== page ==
When we benchmark our video cards and look at the graphs, we aim to get to a certain level of FPS which we consider playable. While many may argue that the human eye can't see over 24 FPS or 30 FPS, any true gamer will tell you that as we climb higher in Frames Per Seconds (FPS), the overall gameplay feels smoother. There are three numbers we're looking out for when it comes to our benchmarks.
30 FPS - It's the minimum number we aim for when it comes to games. If you're not dropping below 30 FPS during games, you're going to have a nice and smooth gaming experience. The ideal situation is that even in a heavy fire fight, the minimum stays above 30 FPS making sure that you can continue to aim easily or turn the corner with no dramas.
60 FPS - It's the average we look for when we don't have a minimum coming at us. If we're getting an average of 60 FPS, we should have a minimum of 30 FPS or better and as mentioned above, it means we've got some smooth game play happening.
120 FPS - The new number that we've been hunting down over recent months. If you're the owner of a 120 Hz monitor, to get the most out of it you want to get around the 120 FPS mark. Moving from 60 FPS / 60 Hz to 120 FPS / 120 Hz brings with it a certain fluidity that can't really be explained, but instead has to be experienced. Of course, if you're buying a 120 Hz monitor to take advantage of 3D, an average of 120 FPS in our benchmark means that in 3D you will have an average of 60 FPS, which again means you should expect some smooth gameplay.
Version and / or Patch Used: Latest Steam Update
Timedemo or Level Used: Built in Benchmark
Developer Homepage: http://www.2kczech.com/
Product Homepage: http://www.mafia2game.com/
Buy It Here
Mafia II is a third-person action-adventure video game, the sequel to Mafia: The City of Lost Heaven. It is developed by 2K Czech, previously known as Illusion Softworks, and is published by 2K Games. The game is set from 1943 to 1951 in Empire Bay (the name is a reference to New York's state nickname "The Empire State"), a fictional city based on San Francisco and New York City, with influences from Chicago and Detroit. The game features a completely open-ended game map of 10 square miles. No restrictions are included from the start of the game. There are around 50 vehicles in the game, as well as licensed music from the era.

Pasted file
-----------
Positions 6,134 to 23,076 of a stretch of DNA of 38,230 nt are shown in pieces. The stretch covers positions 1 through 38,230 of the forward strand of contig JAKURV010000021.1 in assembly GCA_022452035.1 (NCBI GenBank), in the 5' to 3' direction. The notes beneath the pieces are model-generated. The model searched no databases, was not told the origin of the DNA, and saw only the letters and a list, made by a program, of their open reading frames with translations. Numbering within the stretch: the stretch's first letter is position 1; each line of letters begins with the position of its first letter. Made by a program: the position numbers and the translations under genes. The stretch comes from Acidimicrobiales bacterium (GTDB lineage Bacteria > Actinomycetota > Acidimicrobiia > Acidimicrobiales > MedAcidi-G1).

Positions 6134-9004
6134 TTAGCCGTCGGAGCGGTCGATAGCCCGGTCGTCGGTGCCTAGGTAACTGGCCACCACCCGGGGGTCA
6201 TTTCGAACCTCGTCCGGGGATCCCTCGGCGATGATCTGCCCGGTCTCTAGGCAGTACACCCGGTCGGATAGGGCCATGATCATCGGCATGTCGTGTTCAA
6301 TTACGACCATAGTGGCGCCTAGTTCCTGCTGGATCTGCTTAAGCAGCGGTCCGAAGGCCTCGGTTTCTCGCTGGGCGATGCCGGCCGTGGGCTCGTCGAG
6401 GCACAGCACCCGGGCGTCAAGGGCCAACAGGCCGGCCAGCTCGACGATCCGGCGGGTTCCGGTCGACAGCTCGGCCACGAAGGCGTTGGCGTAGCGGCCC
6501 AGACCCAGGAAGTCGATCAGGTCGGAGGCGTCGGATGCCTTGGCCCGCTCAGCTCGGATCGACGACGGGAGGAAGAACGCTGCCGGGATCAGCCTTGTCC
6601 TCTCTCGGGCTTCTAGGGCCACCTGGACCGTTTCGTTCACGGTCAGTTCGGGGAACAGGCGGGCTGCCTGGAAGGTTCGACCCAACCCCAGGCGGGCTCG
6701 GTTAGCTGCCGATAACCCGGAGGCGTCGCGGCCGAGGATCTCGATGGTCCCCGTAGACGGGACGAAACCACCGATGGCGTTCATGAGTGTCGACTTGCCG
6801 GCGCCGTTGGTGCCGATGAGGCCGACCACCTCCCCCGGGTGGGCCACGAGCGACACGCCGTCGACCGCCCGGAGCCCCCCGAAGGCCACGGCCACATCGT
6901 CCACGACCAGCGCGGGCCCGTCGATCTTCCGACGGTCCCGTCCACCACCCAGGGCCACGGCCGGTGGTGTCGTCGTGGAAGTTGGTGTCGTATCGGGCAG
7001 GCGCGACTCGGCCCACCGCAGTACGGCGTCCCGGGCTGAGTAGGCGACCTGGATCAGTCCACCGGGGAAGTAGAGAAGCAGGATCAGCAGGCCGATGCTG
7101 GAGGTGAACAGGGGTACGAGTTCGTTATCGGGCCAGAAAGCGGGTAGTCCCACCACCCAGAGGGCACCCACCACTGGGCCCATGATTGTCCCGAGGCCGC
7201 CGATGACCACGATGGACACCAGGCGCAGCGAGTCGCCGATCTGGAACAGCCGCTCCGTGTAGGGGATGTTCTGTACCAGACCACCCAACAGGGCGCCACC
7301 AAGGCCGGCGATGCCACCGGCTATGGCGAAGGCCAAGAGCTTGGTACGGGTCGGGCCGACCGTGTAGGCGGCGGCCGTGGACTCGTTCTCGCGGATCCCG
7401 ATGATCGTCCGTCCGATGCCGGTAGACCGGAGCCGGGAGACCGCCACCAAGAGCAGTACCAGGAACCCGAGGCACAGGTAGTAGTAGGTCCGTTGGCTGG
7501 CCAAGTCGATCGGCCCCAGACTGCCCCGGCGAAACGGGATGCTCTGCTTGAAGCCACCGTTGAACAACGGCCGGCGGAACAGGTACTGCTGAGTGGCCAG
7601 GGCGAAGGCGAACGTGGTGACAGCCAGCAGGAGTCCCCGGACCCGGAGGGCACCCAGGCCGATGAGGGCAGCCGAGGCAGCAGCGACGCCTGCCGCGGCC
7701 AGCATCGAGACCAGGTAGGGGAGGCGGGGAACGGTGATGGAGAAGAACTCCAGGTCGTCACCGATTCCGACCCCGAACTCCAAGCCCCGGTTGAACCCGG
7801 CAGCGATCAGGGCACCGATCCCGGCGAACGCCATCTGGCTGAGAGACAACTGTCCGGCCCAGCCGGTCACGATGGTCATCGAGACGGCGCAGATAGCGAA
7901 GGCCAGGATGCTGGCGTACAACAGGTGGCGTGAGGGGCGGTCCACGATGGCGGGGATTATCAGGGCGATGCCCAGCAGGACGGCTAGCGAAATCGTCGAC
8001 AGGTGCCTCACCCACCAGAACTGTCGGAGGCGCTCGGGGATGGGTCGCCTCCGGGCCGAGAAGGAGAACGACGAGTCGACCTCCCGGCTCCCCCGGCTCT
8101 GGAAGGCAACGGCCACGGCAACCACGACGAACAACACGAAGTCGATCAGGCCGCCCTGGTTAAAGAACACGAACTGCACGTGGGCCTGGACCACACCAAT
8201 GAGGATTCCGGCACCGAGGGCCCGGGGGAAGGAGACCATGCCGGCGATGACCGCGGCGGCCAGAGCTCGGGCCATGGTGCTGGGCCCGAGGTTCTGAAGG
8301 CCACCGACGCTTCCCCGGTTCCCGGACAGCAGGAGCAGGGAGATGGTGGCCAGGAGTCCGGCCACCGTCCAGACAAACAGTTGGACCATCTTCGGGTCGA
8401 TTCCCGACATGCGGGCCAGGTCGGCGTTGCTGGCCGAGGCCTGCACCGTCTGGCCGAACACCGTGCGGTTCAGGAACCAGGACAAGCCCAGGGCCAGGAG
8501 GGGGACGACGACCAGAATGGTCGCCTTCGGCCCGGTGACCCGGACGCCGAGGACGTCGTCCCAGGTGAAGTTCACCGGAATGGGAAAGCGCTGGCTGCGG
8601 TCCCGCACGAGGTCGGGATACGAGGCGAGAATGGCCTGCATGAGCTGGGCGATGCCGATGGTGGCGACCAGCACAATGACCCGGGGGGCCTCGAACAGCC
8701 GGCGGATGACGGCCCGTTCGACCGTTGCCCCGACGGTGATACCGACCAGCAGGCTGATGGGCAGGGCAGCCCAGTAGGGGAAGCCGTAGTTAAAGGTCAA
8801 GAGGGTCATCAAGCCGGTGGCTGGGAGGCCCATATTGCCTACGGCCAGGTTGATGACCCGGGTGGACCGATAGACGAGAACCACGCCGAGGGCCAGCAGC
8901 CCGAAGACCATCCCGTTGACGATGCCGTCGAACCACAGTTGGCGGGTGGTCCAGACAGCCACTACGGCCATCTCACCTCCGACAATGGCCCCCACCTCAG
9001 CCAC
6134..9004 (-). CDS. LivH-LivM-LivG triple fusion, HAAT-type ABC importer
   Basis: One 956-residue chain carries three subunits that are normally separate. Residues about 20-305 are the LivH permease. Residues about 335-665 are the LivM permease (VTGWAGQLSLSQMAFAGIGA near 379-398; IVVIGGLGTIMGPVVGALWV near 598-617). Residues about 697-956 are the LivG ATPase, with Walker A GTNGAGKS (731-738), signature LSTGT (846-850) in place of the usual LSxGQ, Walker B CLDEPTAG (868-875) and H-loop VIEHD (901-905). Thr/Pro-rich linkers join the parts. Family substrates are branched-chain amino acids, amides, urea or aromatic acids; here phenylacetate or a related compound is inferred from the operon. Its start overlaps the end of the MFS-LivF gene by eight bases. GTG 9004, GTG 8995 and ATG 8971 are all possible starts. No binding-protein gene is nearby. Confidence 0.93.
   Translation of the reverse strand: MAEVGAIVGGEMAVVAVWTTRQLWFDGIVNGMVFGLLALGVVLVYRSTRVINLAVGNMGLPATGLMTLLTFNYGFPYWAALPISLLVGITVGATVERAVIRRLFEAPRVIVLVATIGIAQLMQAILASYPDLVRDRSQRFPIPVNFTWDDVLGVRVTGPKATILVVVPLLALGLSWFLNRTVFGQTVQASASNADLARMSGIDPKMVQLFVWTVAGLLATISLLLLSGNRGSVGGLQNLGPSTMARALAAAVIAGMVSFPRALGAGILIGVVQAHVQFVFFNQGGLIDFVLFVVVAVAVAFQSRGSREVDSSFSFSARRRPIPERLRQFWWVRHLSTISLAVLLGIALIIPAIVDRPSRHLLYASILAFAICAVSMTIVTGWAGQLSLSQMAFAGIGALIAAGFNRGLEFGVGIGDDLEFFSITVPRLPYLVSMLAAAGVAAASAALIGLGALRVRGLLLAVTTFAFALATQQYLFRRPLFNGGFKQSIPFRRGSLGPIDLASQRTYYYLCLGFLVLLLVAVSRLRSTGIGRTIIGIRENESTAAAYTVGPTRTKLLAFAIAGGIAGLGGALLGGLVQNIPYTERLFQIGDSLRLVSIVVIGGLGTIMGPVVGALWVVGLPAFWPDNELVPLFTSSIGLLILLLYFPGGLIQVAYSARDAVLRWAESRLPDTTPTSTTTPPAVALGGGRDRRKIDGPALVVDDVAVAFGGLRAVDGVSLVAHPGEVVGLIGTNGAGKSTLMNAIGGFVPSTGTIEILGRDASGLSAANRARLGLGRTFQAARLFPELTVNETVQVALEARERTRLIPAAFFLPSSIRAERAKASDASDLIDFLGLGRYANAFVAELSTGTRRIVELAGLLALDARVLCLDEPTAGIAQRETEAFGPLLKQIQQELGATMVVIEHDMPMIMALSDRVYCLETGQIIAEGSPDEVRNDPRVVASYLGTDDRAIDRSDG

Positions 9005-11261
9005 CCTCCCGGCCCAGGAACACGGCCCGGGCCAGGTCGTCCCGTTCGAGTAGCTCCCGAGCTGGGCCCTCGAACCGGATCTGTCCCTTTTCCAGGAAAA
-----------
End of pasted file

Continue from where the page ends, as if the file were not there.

Mafia II performance is very strong across the board and we're again sitting at levels around the HD 7950 at the highest resolution while at the lower resolution we see numbers that line up with the higher end HD 7970. Across the board we see strong gains over the GTX 580 as well with a solid 72 FPS present at 2560 x 1600 in this instance.
All the details and much more on-
And i am sure anik brother is gonna upgrade soon.
Any luck finding the true price of 660ti?
No way. Just saw the news of worlds first 660ti review so posted it.
Originally Posted by Mohiuddin
Btw how much it faster than 7850? I cant see the whole review via my phone. .the benches came to small in my phone
Seems like gtx 660ti PWNED hd 7950s head!
Now what, 7950 ghz edition??
Awesome card. Very good performance.
But, that 192bit memory gives a big hit at high settings with aa.
Goodbye ATI. My next card GTX 660Ti OC.
Seems AMD has to lower the prices a couple of notches for the HD 78XX series or otherwise there's no way they can counter this.
GTX 670 is ~33k card. So be 100% sure that GTX660Ti should not exceed ~25k. ATI 7950 (along with 78xx) series are totally screwed.
Some numbers in that review didn't look right to me, I'm gonna get on a Desktop tomorrow to see if I can come up with a conspiracy theory :-|
isnt the gigabyte 670 40k... but the 660ti does seem promising... but like everyone, its the 192 bit bus i am worried abt... since there have been cards with 384 bus. its just sad.
Probably is legit, they did this before and the numbers were all correct.
Originally Posted by BFG9000
Great bang for the buck I must say. Two of these will be extreme value for the money. Almost makes me regret getting 670s.
Edit: I hate TT's method of benchmarking. The very last page with AA benches shows the true picture. Not as impressive when AA is enabled but still a great mid-range card.
Last edited by aayman; August 1st, 2012 at 03:18.
Yup, I can finally retire my GTX460. ^_^
wondering about the price...its a good chance for nvidia for bashing the amd in pricing....
With the games selected I think TT probably put nvidia in the most biased view possible......
Last edited by @nonymous™; August 1st, 2012 at 17:04.
i agree with @nonymous™ bro...
- - - Updated - - -
and its price will be ~30k
Guys, super uber ultra bad news-
The article says those cards have 3gb gddr5 which is double the memory of reference model. Does that mean reference model will have only 1.5 gb? TweakTown review was BS? :'( :'(